Bridges’ eclectic career choices primed him to become a beloved Hollywood statesman, all but confirmed with 1998’s The Big Lebowski. Wearing his personal wardrobe on-screen (including the jelly sandals) and directed by the Coen brothers, Bridges as Jeff “The Dude” Lebowski in a state of perpetual befuddled zen has rooted himself into pop culture with his generation-defining comedy performance. And Lebowski has only paved the way for later milestones and hits, including True Grit, Hell or High Water, and a take-home Best Actor Oscar for Crazy Heart, his big win out of seven nominations overall.

And now we do believe you shall abide as we take a trip through all Jeff Bridges movies, ranked by Tomatometer. Alex Vo

#62
#62
Critics Consensus: No consensus yet.
Synopsis: Matt Scudder (Jeff Bridges) is a depressed and hard-drinking Los Angeles cop troubled by a shooting that occurred in the... [More]
Directed By: Hal Ashby

#61

R.I.P.D. (2013)
12%

#61
Adjusted Score: 15875%
Critics Consensus: It has its moments -- most of them courtesy of Jeff Bridges' rootin' tootin' performance as an undead Wild West sheriff -- but R.I.P.D. is ultimately too dim-witted and formulaic to satisfy.
Synopsis: Veteran lawman Roy Pulsifer (Jeff Bridges) works for the R.I.P.D., a legendary police force charged with finding monstrous spirits who... [More]
Directed By: Robert Schwentke

#60

Seventh Son (2014)
12%

#60
Adjusted Score: 16576%
Critics Consensus: Seventh Son squanders an excellent cast and some strange storyline ingredients, leaving audiences with one disappointingly dull fantasy adventure.
Synopsis: Centuries ago, a supernatural champion named Master Gregory (Jeff Bridges) defeated Mother Malkin (Julianne Moore), a malevolent witch. Now, she... [More]
Directed By: Sergei Bodrov

#59
#59
Adjusted Score: 26449%
Critics Consensus: Unintelligible and self-indulgent Bob Dylan vehicle.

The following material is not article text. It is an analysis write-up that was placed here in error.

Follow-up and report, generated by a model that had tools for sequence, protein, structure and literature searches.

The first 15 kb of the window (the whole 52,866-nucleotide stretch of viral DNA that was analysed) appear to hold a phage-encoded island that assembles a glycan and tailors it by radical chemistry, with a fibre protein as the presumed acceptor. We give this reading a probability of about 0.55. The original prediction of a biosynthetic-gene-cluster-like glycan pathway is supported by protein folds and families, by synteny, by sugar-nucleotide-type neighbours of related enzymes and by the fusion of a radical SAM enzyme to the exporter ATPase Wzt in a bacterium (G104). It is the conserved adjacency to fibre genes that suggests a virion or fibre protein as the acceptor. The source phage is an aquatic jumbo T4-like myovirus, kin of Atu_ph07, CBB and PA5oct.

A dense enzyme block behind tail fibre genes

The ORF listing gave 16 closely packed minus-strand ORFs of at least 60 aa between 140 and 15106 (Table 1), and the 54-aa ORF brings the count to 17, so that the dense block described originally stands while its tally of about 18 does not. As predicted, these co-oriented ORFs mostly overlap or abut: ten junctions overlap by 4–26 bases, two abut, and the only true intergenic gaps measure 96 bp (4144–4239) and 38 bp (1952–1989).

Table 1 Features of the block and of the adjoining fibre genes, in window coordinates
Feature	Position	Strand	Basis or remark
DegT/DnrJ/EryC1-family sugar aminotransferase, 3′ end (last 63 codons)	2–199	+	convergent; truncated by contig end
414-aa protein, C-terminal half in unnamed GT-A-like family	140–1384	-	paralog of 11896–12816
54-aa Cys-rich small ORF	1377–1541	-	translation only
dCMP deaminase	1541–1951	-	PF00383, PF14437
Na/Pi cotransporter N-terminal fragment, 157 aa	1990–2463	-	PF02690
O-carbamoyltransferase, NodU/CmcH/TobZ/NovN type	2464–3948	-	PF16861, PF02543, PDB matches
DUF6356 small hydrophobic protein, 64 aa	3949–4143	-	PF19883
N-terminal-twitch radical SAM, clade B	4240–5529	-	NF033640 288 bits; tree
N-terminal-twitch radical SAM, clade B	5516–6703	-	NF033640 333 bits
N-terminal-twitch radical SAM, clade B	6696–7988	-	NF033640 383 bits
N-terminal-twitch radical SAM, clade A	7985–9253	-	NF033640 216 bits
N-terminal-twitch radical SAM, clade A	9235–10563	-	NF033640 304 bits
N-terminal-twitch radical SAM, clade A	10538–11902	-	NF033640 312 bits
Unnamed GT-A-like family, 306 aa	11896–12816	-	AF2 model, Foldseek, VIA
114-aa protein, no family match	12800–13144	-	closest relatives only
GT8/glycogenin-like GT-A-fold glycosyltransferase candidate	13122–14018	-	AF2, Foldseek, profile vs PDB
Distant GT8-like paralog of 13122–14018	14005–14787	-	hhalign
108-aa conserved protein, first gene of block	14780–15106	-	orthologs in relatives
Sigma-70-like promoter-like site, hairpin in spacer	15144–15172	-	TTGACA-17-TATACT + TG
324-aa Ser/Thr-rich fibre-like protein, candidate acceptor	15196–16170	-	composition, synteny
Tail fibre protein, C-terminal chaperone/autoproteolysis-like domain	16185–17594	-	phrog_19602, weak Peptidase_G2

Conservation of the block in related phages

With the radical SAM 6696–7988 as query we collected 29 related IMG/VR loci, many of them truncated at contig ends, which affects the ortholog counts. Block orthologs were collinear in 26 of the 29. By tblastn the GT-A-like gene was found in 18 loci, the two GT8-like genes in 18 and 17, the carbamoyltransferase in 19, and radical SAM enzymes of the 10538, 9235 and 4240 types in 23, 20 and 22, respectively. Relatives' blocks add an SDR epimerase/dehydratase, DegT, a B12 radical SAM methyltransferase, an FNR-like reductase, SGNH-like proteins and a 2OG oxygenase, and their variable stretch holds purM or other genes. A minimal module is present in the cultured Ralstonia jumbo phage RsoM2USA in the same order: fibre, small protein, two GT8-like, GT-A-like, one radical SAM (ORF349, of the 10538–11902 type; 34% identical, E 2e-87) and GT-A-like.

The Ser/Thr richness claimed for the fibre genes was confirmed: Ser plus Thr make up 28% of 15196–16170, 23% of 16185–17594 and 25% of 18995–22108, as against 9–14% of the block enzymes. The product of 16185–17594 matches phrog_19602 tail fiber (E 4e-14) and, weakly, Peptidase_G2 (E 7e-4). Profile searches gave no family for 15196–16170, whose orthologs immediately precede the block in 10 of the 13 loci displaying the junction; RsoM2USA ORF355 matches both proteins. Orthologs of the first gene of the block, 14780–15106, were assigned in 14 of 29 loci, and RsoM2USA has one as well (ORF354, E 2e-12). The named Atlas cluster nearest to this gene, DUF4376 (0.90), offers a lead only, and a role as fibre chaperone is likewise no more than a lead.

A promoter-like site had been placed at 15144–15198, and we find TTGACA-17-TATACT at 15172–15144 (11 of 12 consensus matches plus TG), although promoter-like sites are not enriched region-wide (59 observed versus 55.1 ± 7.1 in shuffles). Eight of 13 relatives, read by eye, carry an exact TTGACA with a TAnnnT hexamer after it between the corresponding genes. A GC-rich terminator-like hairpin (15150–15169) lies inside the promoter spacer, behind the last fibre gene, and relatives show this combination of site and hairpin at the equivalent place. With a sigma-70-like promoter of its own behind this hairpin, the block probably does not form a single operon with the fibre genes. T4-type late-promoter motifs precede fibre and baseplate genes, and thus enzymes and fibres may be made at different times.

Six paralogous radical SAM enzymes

Synopsis: A nation wracked with civil war and social unrest is looking forward to a giant charity concert, organized by deceptive... [More]
Directed By: Larry Charles

#58

Simpatico (1999)
25%

#58
Adjusted Score: 26058%
Critics Consensus: Critics say Simpatico's lengthy plot is too unfocused; the movie becomes confusing and tedious to watch.
Synopsis: Carter receives a collect call from Vinnie, and a dark event from the past threatens to destroy his current success.... [More]
Directed By: Matthew Warchus

#57

The Open Road (2009)
29%

#57
Adjusted Score: 9295%
Critics Consensus: No consensus yet.
Synopsis: While playing minor league baseball in Texas, Carlton Garrett (Justin Timberlake) receives word from his grandfather (Harry Dean Stanton) that... [More]
Directed By: Michael Meredith

#56

Tideland (2005)
29%

#56
Adjusted Score: 31879%
Critics Consensus: Tideland is a disturbing, and mostly unwatchable effort from Terry Gilliam.
Synopsis: Little Jeliza-Rose (Jodelle Ferland) has a very warped childhood. Her parents (Jeff Bridges, Jennifer Tilly) are both drug addicts, and... [More]
Directed By: Terry Gilliam

#55

Stick It (2006)
32%

#55
Adjusted Score: 34782%
Critics Consensus: Director Jessica Bendinger is unable to transfer her winning Bring It On formula to the world of gymnastics, despite Missy Peregrym's strong lead performance.
Synopsis: Haley (Missy Peregrym) is a naturally gifted athlete but, with her social behavior, the teen seems intent on squandering her... [More]
Directed By: Jessica Bendinger

#54
Adjusted Score: 38315%
Critics Consensus: Narratively messy and cloying, The Only Living Boy in New York is a romantic trifle that audiences won't want to give a second date.
Synopsis: After graduating from college and moving into an apartment, young Thomas Webb befriends an alcoholic neighbor who dispenses worldly wisdom... [More]
Directed By: Marc Webb

#53

The Giver (2014)
35%

#53
Adjusted Score: 41257%
Critics Consensus: Phillip Noyce directs The Giver with visual grace, but the movie doesn't dig deep enough into the classic source material's thought-provoking ideas.
Synopsis: Jonas (Brenton Thwaites) lives in a seemingly idyllic world of conformity and contentment. When he begins to spend time with... [More]
Directed By: Phillip Noyce

#52
Adjusted Score: 40315%
Critics Consensus: A decent performance from Pegg in a disappointing film. Neither sharp nor satirical, Weide's adaptation relies too heavily on slapstick, and misses the point of the source material in the process.
Synopsis: Sidney Young is a down-on-his-luck journalist. Thanks to a stint involving a pig and a glitzy awards ceremony, Sidney turns... [More]
Directed By: Robert Weide

#51

Blown Away (1994)
38%

#51
Adjusted Score: 36650%
Critics Consensus: No consensus yet.
Synopsis: After staging a particularly gory jailbreak, Irish Republican Army agent Ryan Gaerity (Tommy Lee Jones) makes his way to Boston... [More]